How one person saved over 2,000 children from the Nazis - Iseult Gillespie
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Sendler’s father was a staunch socialist, who treated Jewish communities for typhus when his Christian colleagues refused. He contracted the disease in 1917; and died when Sendler was seven. She inherited his defiant spirit: as a law student at the University of Warsaw, Sendler denounced segregation and defaced her Aryan identity card. She was suspended for troublemaking.
Unfazed, Sendler preferred her radical circles at the Polish Free University, where she joined the Socialist Party and befriended a group of fierce social workers. Among them were Irena Scultz, Jadwiga Dencha, and Jadwiga Piowtrowska – the women who would become her closest friends. Inspired, Sendler switched her major to social work and began working with impoverished and unwed mothers. You can read more about Sendler and her social work here.
In September 1939, Nazi Germany invaded Poland. After weeks of devastating air raids, Warsaw surrendered. With Nazi occupation came new laws that eroded Jewish rights. This article explores the German occupation in Poland.
But in 1940, Hitler announced that the entire Jewish population of Warsaw was to be forced into a designated space. You can find more information about the Warsaw Ghetto here. Covering just over a square mile of land, the Warsaw Ghetto imprisoned hundreds of thousands of Jews. For a history of the Warsaw Ghetto, click here. This book provides a firsthand account of life in the Ghetto
Appalled, Sendler and her colleagues secured passes to the ghetto, on the pretense of checking for typhus outbreaks. By pretending that children were dangerously ill, Sendler initially had permission to take them to hospital. Soon, children were also being hidden in bundles of dirty laundry; carried out in coffins, toolboxes and briefcases; or smuggled through escape routes. They were brought to safe houses across the city and given new names, before being transferred to orphanages, convents and foster families across Poland. You can find stories of those who were forced into the Warsaw Ghetto here, here, and here.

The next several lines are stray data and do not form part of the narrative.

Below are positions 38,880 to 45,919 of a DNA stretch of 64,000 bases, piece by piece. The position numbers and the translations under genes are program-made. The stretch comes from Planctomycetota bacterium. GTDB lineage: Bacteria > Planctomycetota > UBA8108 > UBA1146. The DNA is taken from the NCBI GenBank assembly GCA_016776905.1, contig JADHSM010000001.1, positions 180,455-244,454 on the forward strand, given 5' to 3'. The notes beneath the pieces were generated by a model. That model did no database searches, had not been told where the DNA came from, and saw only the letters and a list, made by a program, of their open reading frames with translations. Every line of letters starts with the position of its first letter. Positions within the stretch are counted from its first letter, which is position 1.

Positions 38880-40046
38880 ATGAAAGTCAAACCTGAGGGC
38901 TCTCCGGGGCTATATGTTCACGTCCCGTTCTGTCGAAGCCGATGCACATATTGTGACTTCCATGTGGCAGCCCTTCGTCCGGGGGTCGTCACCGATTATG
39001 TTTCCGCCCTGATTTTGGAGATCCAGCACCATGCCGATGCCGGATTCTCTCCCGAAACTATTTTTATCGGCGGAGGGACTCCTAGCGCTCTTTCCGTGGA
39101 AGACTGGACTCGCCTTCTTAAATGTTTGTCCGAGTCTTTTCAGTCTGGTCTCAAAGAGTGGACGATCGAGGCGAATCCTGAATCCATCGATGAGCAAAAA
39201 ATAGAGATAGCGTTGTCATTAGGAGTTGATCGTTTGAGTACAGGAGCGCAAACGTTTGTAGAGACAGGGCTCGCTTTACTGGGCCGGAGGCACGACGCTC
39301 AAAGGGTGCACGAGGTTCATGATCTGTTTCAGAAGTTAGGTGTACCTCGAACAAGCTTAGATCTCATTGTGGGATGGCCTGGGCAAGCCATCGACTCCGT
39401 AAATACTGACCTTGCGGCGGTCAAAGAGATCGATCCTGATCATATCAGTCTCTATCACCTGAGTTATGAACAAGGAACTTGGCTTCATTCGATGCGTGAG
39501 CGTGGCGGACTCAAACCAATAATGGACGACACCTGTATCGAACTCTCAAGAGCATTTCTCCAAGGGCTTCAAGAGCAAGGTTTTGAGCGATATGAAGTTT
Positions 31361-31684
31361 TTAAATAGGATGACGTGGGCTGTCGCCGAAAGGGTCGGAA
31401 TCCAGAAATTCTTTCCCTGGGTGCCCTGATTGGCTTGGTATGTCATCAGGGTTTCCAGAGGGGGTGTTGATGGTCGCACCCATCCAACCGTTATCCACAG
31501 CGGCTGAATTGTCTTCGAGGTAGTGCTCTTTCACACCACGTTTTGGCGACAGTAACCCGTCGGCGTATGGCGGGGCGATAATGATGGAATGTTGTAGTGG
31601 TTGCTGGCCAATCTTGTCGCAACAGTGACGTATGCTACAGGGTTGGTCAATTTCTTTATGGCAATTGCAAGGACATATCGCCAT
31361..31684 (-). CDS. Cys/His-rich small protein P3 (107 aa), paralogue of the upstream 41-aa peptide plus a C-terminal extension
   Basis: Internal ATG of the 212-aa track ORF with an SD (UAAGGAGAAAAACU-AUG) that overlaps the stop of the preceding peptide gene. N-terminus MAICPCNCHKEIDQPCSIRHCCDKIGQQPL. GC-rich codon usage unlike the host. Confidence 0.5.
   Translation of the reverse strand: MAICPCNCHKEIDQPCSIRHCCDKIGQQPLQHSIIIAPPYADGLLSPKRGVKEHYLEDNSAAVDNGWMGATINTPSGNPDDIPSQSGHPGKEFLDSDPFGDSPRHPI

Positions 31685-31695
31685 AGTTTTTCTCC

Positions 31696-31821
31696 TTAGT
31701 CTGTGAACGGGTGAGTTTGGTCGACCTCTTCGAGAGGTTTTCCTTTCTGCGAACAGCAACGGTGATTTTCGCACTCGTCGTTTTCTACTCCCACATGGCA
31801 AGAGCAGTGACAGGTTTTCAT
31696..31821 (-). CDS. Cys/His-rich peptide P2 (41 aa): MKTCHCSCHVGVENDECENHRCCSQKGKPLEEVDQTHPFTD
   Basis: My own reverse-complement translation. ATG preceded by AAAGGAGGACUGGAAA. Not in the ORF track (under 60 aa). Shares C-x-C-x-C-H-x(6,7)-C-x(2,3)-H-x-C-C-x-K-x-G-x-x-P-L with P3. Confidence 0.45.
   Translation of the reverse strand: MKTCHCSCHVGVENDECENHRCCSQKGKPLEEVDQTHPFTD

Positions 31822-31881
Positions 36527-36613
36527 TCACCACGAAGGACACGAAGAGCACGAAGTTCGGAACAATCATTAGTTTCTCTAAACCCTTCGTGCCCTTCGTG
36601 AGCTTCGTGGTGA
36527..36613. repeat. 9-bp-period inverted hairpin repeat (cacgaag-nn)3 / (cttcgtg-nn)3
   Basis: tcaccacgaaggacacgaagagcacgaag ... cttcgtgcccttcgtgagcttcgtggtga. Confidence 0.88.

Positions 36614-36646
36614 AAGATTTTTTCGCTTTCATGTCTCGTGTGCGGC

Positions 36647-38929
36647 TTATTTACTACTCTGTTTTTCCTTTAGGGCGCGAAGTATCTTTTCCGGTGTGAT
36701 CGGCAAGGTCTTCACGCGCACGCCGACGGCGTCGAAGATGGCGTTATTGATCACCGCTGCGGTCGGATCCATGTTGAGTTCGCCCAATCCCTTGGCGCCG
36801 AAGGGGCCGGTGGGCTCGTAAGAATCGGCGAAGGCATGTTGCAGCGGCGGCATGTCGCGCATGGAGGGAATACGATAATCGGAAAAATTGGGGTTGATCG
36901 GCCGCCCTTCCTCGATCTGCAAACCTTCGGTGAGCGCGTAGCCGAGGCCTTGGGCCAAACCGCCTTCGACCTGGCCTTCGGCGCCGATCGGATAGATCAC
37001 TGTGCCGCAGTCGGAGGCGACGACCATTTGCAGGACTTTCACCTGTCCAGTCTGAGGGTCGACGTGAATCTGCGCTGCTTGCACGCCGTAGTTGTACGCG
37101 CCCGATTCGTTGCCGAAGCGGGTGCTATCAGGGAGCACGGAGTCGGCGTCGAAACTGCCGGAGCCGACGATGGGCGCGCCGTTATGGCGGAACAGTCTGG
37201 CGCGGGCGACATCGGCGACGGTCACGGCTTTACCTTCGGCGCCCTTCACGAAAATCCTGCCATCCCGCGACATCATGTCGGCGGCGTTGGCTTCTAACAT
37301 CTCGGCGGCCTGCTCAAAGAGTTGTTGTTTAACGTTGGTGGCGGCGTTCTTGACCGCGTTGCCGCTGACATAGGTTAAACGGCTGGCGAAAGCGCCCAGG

In July 1942, the Nazis began evacuating the ghetto and transporting to Treblinka concentration camps. A history of Treblinka can be found here; today it is a memorial museum.
Knowing that they would not return, Sendler worked with new urgency, even smuggling Adam into hiding. But her operation was running out of money.
Help came in the form of another underground Polish network called Zegota. In exchange for information, they stashed money in local postboxes for Sendler. By January 1943, over a thousand children were on Sendler’s lists. But the Gestapo were closing in on the Polish resistance.
On October 19, 1943, Sendler and Janka Grabowska were working on their records, when the Gestapo pounded on the door. For months, Sendler was tortured in prison. She betrayed no information - but on January 20, 1944, she was sentenced to death. She was rescued at the last moment by a German officer, whom Zegota had paid to save her. She assumed a new identity with the help of Zegota, and spent the remainder of the war in hiding.
With the defeat of Germany in 1945, Sendler’s work was far from over. In the aftermath of the war, she dedicated herself to reconnecting with the children she had helped to escape. Few of them had surviving family, but Sendler remained in contact with many for the rest of her life.
She married Adam in 1947, and the couple had three children. But they continued to experience harassment from Poland’s new Communist government, who were eager to stamp out the wartime resistance networks. For this reason, Sendler’s story remained buried for many years, and she was not recognized for her actions until much later in life. Looking back at the war, she rejected the idea that she was a hero. She stated: “I continue to have qualms of conscience that I did so little.”
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